EIA Publishes Study on High Renewables Growth Impact in WECC Markets using UPLAN

LCG, July 19, 2024 – A working paper published by the U.S. Energy Information Administration (EIA) utilized the UPLAN model to study the impact of high renewables growth in the Western Electric Coordinating Council (WECC) markets.

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LCG Publishes 2024 Annual Outlook for Texas Electricity Market (ERCOT)

LCG, October 10, 2023 – LCG Consulting (LCG) has released its annual outlook of the ERCOT wholesale electricity market for 2024, based on the most likely weather, market, transmission, and generator conditions.

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Industry News

California Capsule: Radio Ads Say Davis Doing Fine

LCG, March 30, 2001The radio commercials open with a gaggle of voices saying there is no energy problem in California, a thought immediately dispelled by an announcer who scolds "California faces even more energy shortages and blackouts this summer if we don't all do our part."

"Working together, we can have adequate supplies and a secure energy future," the ad goes on, making sure radio listeners know that's what Gov. Gray Davis, the legislature and community leaders are trying to achieve. The ad extols "historic statewide conservation programs like the governor's 20-20 program" that would give consumers a 20 percent rebate if they cut usage by 20 percent this summer.

"They're not political ads," said Davis political advisor Garry South, who helped plan the commercials. "They don't say 'Vote for Gray Davis'."

Backing for the political ads came from a group including Silicon Valley venture capitalist John Doerr and entrepreneur Reed Hastings, each of whom has already contributed $25,000 to Gray's reelection campaign. Carl Guardino, a Davis appointee to the California Independent System Operator and director of the Silicon Valley Manufacturing Group is another supporter.

But there is also hard news from the land of the setting sun.

  • The sun seems to be setting on Davis' plan to buy the transmission facilities owned by California's investor-owned utilities. That was the scheme the governor said a month ago would be wrapped up in a few weeks. Now Davis is saying he is not "wild" about the idea and is looking to take over the utilities' hydroelectric facilities. Democratic Assemblyman John Longville said "I think there's more support for hydro than for the transmission lines."
    It was all news to Pacific Gas & Electric Co., whose hydroelectric facilities dot Northern California's rivers. "It sounds like some people are going in circles and that every time we turn around we're hearing about a new proposal," said spokesman Ron Low.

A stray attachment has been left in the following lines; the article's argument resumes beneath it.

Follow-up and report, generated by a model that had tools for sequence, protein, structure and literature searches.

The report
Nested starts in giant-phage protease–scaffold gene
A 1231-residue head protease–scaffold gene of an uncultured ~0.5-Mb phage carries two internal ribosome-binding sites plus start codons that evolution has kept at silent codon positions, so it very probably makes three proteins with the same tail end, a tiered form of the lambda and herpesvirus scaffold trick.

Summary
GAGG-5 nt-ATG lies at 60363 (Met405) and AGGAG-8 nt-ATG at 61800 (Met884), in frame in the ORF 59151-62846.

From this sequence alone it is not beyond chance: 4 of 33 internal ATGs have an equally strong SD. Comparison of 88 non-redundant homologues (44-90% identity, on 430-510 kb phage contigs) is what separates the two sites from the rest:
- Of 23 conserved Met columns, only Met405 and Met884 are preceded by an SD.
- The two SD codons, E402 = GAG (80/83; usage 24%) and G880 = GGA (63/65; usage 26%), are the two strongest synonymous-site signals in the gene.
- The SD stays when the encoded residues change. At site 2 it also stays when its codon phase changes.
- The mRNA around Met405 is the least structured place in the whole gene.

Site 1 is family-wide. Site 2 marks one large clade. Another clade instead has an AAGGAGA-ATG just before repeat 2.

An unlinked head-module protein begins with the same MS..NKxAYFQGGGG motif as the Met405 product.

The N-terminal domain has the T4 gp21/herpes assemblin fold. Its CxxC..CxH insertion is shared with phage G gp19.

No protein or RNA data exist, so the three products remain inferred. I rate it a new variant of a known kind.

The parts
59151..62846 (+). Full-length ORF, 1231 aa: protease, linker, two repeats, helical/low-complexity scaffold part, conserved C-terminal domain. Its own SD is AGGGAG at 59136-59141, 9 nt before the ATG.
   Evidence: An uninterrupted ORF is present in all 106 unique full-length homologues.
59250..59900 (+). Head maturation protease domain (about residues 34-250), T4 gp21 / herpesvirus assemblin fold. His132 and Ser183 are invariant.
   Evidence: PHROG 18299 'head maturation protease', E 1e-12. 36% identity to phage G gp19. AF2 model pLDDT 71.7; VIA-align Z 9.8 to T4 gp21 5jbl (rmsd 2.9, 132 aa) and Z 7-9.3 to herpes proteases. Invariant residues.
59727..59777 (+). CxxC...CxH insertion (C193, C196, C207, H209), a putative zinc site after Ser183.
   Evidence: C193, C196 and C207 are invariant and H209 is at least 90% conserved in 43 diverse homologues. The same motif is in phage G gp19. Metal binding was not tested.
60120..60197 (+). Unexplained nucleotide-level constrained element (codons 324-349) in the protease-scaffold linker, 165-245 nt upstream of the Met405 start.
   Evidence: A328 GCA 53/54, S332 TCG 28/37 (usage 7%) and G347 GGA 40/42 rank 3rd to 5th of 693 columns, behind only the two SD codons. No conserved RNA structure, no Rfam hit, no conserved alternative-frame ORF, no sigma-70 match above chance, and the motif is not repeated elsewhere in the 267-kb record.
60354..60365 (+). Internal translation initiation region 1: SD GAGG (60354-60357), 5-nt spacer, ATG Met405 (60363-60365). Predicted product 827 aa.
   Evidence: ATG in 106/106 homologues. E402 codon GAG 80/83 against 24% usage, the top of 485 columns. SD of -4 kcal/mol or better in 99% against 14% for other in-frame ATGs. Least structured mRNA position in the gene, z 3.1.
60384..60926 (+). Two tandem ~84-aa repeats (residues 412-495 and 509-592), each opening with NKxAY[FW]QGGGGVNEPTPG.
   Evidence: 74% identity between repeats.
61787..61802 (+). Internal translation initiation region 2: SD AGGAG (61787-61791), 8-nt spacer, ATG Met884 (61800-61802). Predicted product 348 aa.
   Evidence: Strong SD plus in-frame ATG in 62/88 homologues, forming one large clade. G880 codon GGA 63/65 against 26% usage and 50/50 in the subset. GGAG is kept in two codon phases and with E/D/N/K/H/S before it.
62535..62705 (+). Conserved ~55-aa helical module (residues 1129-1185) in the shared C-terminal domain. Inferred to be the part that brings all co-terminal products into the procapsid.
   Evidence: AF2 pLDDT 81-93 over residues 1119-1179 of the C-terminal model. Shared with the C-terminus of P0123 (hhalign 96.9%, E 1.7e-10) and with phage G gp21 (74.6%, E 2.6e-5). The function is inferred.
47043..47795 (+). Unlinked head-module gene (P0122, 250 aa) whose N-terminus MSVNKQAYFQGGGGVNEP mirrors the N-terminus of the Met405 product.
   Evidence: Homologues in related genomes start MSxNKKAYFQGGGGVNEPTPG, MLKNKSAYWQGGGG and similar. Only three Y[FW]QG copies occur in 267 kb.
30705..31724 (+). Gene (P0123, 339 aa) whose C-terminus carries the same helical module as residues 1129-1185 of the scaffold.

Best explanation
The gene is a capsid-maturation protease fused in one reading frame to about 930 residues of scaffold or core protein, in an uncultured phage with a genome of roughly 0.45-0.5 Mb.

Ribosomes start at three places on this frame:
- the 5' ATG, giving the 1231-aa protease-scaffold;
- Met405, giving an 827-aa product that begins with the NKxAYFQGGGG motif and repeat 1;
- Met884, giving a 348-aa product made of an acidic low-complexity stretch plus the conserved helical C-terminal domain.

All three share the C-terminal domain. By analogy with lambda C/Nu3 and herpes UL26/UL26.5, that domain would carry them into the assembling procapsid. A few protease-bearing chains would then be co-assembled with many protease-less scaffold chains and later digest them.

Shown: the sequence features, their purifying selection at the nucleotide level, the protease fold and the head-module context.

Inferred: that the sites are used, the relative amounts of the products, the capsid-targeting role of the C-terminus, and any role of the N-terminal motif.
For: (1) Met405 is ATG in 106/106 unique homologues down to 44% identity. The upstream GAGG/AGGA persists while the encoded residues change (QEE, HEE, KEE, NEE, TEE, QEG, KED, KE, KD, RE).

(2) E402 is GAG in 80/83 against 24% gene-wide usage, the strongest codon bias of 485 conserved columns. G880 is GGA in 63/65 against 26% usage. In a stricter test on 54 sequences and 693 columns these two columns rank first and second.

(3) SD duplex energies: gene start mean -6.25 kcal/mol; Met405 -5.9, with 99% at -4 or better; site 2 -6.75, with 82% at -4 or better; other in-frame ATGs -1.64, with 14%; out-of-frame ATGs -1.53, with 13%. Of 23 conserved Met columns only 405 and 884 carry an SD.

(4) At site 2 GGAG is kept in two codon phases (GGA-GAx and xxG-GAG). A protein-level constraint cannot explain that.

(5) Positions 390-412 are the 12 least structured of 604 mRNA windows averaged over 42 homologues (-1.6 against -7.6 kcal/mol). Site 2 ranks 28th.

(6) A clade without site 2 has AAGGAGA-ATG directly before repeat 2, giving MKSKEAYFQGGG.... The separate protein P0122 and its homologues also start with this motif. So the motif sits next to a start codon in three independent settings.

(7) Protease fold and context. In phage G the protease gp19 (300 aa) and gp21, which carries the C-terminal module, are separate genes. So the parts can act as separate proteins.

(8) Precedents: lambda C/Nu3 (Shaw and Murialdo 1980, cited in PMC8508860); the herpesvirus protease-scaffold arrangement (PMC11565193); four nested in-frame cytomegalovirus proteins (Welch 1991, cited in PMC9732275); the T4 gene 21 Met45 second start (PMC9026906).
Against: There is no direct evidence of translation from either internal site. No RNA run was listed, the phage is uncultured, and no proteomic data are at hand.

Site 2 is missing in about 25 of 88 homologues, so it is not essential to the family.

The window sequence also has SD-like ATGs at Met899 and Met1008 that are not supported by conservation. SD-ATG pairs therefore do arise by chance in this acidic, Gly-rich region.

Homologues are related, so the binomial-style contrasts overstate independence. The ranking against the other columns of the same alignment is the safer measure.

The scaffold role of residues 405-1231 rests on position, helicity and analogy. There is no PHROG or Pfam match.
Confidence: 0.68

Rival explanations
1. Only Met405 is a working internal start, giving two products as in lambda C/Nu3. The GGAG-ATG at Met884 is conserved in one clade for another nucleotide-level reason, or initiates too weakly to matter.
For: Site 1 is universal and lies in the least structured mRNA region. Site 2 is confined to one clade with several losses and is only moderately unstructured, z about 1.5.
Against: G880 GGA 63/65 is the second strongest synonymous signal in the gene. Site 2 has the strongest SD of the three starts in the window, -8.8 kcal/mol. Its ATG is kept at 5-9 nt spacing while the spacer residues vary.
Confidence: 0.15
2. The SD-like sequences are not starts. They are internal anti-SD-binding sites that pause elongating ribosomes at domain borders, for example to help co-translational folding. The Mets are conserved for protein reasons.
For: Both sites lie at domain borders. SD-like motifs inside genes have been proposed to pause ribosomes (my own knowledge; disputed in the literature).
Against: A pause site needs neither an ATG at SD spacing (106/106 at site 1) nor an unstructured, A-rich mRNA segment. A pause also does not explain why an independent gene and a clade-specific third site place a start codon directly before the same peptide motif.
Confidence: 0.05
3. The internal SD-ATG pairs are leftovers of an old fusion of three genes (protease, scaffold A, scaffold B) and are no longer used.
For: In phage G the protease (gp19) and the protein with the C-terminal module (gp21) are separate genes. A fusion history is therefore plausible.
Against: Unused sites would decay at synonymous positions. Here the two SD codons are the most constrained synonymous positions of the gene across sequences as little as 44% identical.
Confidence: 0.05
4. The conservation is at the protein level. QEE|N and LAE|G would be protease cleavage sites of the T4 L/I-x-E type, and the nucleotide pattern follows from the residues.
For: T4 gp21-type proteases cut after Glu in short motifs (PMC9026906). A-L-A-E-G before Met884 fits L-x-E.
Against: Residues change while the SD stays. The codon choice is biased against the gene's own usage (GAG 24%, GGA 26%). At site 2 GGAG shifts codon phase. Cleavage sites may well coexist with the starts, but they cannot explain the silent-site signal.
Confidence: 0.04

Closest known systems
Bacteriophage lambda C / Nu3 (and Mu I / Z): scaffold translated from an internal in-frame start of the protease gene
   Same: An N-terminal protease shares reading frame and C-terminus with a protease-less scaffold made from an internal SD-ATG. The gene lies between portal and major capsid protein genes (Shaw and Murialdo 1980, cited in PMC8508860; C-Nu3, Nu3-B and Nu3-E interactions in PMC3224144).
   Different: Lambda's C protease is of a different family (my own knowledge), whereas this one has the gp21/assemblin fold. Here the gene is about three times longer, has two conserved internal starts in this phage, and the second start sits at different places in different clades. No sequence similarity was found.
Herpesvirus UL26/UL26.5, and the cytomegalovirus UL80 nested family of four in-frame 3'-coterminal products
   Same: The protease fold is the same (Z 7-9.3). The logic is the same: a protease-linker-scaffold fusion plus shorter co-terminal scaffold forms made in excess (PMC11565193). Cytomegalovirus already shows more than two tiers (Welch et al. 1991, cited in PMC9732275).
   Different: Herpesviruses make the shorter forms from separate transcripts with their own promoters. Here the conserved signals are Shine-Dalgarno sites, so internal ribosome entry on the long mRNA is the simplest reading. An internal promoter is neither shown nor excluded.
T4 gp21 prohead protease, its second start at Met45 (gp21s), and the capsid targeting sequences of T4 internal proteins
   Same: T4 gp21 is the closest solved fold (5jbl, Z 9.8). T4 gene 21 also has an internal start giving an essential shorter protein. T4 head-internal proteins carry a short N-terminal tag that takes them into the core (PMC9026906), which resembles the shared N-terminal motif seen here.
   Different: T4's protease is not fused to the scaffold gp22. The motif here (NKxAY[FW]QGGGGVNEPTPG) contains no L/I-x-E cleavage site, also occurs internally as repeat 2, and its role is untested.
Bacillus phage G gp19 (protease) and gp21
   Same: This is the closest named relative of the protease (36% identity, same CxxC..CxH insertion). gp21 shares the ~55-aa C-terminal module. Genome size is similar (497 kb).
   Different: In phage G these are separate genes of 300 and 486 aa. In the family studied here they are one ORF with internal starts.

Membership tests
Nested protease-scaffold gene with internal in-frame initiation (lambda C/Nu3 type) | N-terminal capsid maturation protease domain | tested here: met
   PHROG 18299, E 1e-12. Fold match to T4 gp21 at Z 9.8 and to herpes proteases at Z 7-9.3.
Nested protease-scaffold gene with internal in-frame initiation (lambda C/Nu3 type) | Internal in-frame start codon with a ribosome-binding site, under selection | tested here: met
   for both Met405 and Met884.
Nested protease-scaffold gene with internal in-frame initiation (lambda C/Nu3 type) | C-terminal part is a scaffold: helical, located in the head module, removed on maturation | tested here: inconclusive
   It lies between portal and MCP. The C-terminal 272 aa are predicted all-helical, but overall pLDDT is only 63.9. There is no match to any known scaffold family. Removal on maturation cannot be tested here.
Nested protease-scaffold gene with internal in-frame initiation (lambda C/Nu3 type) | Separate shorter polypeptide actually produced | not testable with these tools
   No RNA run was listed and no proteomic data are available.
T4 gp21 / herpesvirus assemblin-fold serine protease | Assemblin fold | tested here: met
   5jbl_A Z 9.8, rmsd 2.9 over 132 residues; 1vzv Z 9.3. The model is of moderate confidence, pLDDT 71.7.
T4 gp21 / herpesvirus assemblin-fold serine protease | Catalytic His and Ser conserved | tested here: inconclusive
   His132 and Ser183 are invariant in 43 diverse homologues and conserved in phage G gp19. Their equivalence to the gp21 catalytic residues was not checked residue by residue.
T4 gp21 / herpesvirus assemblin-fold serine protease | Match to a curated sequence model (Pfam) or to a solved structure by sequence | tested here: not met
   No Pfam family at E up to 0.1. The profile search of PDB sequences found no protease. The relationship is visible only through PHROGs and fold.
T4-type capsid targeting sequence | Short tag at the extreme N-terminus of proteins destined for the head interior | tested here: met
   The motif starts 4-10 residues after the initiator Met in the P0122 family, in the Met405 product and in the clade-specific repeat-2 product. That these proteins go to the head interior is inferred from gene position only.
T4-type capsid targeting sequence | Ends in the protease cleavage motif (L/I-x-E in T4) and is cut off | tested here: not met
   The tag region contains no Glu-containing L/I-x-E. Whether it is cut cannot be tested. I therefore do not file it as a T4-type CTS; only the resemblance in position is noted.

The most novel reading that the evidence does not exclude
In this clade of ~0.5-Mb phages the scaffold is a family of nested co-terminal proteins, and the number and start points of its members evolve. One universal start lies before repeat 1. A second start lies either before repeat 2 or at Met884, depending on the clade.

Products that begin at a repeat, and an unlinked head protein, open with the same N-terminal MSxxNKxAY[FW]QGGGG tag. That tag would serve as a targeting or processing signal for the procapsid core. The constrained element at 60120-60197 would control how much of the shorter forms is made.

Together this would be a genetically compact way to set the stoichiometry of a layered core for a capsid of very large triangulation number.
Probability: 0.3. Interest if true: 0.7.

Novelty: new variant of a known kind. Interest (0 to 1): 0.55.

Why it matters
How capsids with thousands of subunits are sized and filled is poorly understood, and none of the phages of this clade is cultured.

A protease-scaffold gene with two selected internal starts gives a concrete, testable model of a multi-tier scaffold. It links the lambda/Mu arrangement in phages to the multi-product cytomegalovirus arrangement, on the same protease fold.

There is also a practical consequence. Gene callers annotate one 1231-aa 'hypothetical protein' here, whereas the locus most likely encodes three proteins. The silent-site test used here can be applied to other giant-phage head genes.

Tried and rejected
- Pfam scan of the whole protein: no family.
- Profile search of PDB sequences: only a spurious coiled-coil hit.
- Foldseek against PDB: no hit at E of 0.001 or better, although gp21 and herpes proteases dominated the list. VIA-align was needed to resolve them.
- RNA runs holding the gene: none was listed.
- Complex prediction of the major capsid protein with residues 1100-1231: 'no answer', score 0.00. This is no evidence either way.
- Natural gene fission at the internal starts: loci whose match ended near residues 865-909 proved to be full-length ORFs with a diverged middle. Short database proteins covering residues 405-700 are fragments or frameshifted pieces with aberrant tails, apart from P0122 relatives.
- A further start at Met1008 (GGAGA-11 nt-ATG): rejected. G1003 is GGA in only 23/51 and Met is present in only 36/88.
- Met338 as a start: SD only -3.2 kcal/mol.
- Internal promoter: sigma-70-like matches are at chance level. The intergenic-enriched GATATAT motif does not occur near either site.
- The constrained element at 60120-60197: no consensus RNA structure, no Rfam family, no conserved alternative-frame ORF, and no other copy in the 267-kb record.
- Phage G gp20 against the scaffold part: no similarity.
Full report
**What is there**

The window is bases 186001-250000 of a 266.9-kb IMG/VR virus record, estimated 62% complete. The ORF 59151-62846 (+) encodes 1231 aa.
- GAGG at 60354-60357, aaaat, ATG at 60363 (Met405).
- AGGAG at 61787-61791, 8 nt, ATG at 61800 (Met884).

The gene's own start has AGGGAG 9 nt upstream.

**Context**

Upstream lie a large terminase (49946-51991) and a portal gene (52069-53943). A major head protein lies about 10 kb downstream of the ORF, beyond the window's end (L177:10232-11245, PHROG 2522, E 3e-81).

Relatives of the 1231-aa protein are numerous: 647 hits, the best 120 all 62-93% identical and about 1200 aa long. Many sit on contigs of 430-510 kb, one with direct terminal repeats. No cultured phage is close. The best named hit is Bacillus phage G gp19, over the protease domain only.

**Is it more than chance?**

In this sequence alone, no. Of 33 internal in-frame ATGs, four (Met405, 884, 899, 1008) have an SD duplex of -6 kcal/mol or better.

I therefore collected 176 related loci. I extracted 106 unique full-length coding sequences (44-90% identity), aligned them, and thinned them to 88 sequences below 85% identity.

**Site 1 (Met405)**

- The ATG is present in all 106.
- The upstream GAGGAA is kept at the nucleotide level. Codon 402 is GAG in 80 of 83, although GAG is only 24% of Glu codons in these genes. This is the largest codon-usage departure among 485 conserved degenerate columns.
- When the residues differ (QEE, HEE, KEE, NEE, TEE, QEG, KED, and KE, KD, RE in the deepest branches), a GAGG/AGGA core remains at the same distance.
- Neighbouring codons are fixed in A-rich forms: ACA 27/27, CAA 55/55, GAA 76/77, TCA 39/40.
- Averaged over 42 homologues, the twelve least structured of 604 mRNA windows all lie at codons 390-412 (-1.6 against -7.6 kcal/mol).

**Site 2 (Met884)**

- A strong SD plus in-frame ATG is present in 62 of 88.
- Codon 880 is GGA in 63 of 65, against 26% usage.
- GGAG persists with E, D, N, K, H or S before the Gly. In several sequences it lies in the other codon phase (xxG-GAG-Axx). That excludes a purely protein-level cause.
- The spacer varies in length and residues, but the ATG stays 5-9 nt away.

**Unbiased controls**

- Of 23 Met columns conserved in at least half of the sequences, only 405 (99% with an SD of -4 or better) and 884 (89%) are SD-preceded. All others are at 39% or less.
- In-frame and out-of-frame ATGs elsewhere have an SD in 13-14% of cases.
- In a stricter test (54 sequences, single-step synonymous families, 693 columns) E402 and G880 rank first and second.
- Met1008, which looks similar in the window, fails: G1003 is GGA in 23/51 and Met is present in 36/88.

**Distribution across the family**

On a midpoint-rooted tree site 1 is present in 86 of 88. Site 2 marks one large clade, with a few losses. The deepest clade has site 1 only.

• The California Energy Commission recommended yesterday that AES Corp. move forward rapidly on plans to bring back into service two units of a Huntington Beach power plant retired in 1995 by previous owner Southern California Edison Co. The two gas-fired units could be back on line by July, according to the commission staff, but AES would have to dedicate the output to California and would have to pay $1 million for an independent study to assure the plant doesn't cause beach and ocean pollution. To get the units ready by July, work would have to proceed practically around the clock, creating noise pollution for people who choose to live near a power plant.

  • Law enforcement agencies are wondering how to enforce an order by Davis for retail businesses to sharply reduce their outdoor lighting or face a $1,000 fine. No cop of sheriff's deputy has written a ticket because no one said how much lighting is too much. Also, almost no one has complained about brightly-lit businesses and no one in state government has been pushing the program. Davis' order required auto dealers, shopping malls and others to reduce outdoor lighting by at least 50 percent starting March 15.

  • The Cal-ISO board of governors will take a look at a gloomy report today that predicts the state will have an electric power shortage of as much as 7 percent at times this summer. In studying summer power sources, ISO researchers found that power imports from the Pacific Northwest will be half of last year's because of a drought that has severely cut hydroelectric resources. The Northwest, in fact, may have trouble supplying its own power needs. The report says the shortage could hit California hardest in June, before new power plants come on line. Davis has promised that 5,000 megawatts of new generation would be available by July 1.

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